Piroxicam (Feldene®) for Dogs and Cats

Piroxicam (Feldene®) for Dogs and Cats

PetPartners, Inc. is an indirect corporate affiliate of PetPlace.com. PetPlace may be compensated when you click on or make a purchase using the links in this article.


Overview of Piroxicam for Dogs and Cats

  • Piroxicam, known as Feldene®, has been used in combination with other drugs to treat transitional cell carcinoma, a bladder cancer, in dogs and cats.  Piroxicam is uncommonly used for pain and inflammation in dogs due to the availability and safety of other medications. 
  • Piroxicam belongs to the class of non-steroidal anti-inflammatory drugs (NSAIDs).
  • These drugs relieve inflammation and pain by inhibiting synthesis of chemicals called prostaglandins.
  • Piroxicam also demonstrates effectiveness against fevers.
  • Piroxicam is a prescription drug and can only be obtained from a veterinarian or by prescription from a veterinarian.
  • This drug is not approved for use in animals by the Food and Drug Administration but it is prescribed legally by veterinarians as an extra-label drug.
  • Brand Names and Other Names of Piroxicam 

  • This drug is registered for use in humans only.
  • Human formulations: Feldene® (Pfizer)
  • Veterinary formulations: None
  • Uses of Piroxicam for Dogs

  • Piroxicam has been used in combination with other drugs to treat transitional cell carcinoma, a bladder cancer, in dogs.
  • It can be used as an antiinflammatory and pain medication in cats. 
  • Piroxicam has been used to treat chronic rhinitis in dogs and cats. 
  • Precautions and Side Effects

  • While generally safe and effective when prescribed by a veterinarian, piroxicam can cause side effects in some animals.
  • Piroxicam should not be used in animals with known hypersensitivity or allergy to the drug.
  • Piroxicam should be avoided in animals with a history of bleeding, inflammation or perforation of the stomach or intestinal mucosa (lining). It should also be avoided in animals with high blood pressure.
  • This drug must be used with caution in patients with heart failure.
  • Piroxicam may interact with other medications. Consult with your veterinarian to determine if other drugs your pet is receiving could interact with Piroxicam. Such drugs include diuretics or ACE-inhibitors (enalapril, benazepril, quinapril).
  • Side effects of piroxicam include stomach and intestinal ulcers and bleeding, dark or tarry stools (from bleeding into the intestines), vomiting, loss of appetite and peritonitis (from intestinal perforation). Some of these are life-threatening problems and they can occur relatively suddenly.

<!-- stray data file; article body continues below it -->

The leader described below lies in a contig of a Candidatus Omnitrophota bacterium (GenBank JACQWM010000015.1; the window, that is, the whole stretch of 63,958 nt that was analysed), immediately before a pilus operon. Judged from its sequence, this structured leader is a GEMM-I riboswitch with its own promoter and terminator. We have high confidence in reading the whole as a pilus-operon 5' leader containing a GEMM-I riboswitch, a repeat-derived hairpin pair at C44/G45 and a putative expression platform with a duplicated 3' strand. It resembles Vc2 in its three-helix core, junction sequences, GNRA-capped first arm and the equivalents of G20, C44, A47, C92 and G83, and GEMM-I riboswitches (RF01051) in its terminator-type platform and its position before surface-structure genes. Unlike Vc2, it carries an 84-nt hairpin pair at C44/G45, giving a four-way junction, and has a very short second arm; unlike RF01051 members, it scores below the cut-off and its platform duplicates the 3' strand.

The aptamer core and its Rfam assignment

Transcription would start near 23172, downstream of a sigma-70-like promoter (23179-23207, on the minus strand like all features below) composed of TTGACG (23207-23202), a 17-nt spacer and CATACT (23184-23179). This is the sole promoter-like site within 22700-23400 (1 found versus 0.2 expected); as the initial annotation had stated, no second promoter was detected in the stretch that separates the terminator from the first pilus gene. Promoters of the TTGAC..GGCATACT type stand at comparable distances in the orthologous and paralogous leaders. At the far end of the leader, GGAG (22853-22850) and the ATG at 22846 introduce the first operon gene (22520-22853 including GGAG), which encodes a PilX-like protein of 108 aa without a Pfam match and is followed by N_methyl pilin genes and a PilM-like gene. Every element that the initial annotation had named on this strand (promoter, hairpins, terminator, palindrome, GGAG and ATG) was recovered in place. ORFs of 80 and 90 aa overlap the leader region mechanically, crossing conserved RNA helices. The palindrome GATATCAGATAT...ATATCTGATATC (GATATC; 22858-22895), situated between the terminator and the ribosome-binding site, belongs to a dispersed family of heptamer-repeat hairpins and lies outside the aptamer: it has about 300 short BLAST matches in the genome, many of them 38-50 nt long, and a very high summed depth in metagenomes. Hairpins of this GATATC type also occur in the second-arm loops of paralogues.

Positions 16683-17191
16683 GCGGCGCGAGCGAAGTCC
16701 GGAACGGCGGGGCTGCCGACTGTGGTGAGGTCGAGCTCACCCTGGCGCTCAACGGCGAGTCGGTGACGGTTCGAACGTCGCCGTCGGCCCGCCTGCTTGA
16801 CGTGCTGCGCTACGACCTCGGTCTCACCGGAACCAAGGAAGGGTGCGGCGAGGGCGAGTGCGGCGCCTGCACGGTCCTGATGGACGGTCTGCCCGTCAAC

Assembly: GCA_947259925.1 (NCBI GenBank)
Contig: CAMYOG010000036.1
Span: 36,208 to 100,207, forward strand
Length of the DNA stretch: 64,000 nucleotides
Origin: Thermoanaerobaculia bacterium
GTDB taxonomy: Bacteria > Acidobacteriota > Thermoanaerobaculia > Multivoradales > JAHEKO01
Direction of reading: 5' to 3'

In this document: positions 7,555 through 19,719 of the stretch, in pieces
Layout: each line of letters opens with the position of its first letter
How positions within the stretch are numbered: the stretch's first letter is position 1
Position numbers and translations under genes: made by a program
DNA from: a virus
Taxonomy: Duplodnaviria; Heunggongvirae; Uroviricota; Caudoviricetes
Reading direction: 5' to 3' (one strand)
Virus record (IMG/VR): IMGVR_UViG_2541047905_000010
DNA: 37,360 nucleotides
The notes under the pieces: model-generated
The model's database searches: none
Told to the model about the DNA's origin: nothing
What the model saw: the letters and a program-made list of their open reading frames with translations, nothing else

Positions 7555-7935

• The potential for ulcers increases when piroxicam is used in combination with corticosteroids (such as cortisone or prednisone), aspirin or phenylbutazone.
  • Piroxicam can decrease kidney function and cause a sudden severe injury to the kidneys (papillary necrosis).
  • Blood clotting may be impaired due to the effects of piroxicam on the blood platelets.
  • As with other NSAIDs, this drug can cause liver injury with elevation of liver enzymes in blood tests. 
  • How Piroxicam Is Supplied

  • Piroxicam is available in 10 mg and 20 mg capsules.
  • Dosing Information of Piroxicam for Dogs and Cats

  • Medication should never be administered without first consulting your veterinarian.
  • For an anti-inflammatory effect, piroxicam is dosed at 0.15 mg per pound (0.3 mg/kg) every 24 to 48 hours.
  • To treat transitional cell carcinoma, piroxicam is dosed at 0.15 mg per pound (0.3 mg/kg) once daily.
  • For rhinosinusitis in cats, the dose used is 0.15 mg per pound (0.3 mg/kg) once daily. In dogs, 0.15 mg per pound (0.3 mg/kg) every 24 hours has been used for idiopathic lymphoplasmacytic rhinitis. 
  • The duration of administration depends on the condition being treated, response to the medication and the development of any adverse effects. Be certain to complete the prescription unless specifically directed by your veterinarian. Even if your pet feels better, the entire treatment plan should be completed to prevent relapse.
  • <!–

    Anti-Inflammatory Drugs (Steroids & Nsaids)



    Nephrology & Urology
    Orthopedics & Musculo-Skeletal diseases


    number-of-posts0 paws up

    Previous / Next Article

    Previous Article button

    Drug Library

    Mirtazapine (Remeron®) for Dogs and Cats

    Next Article button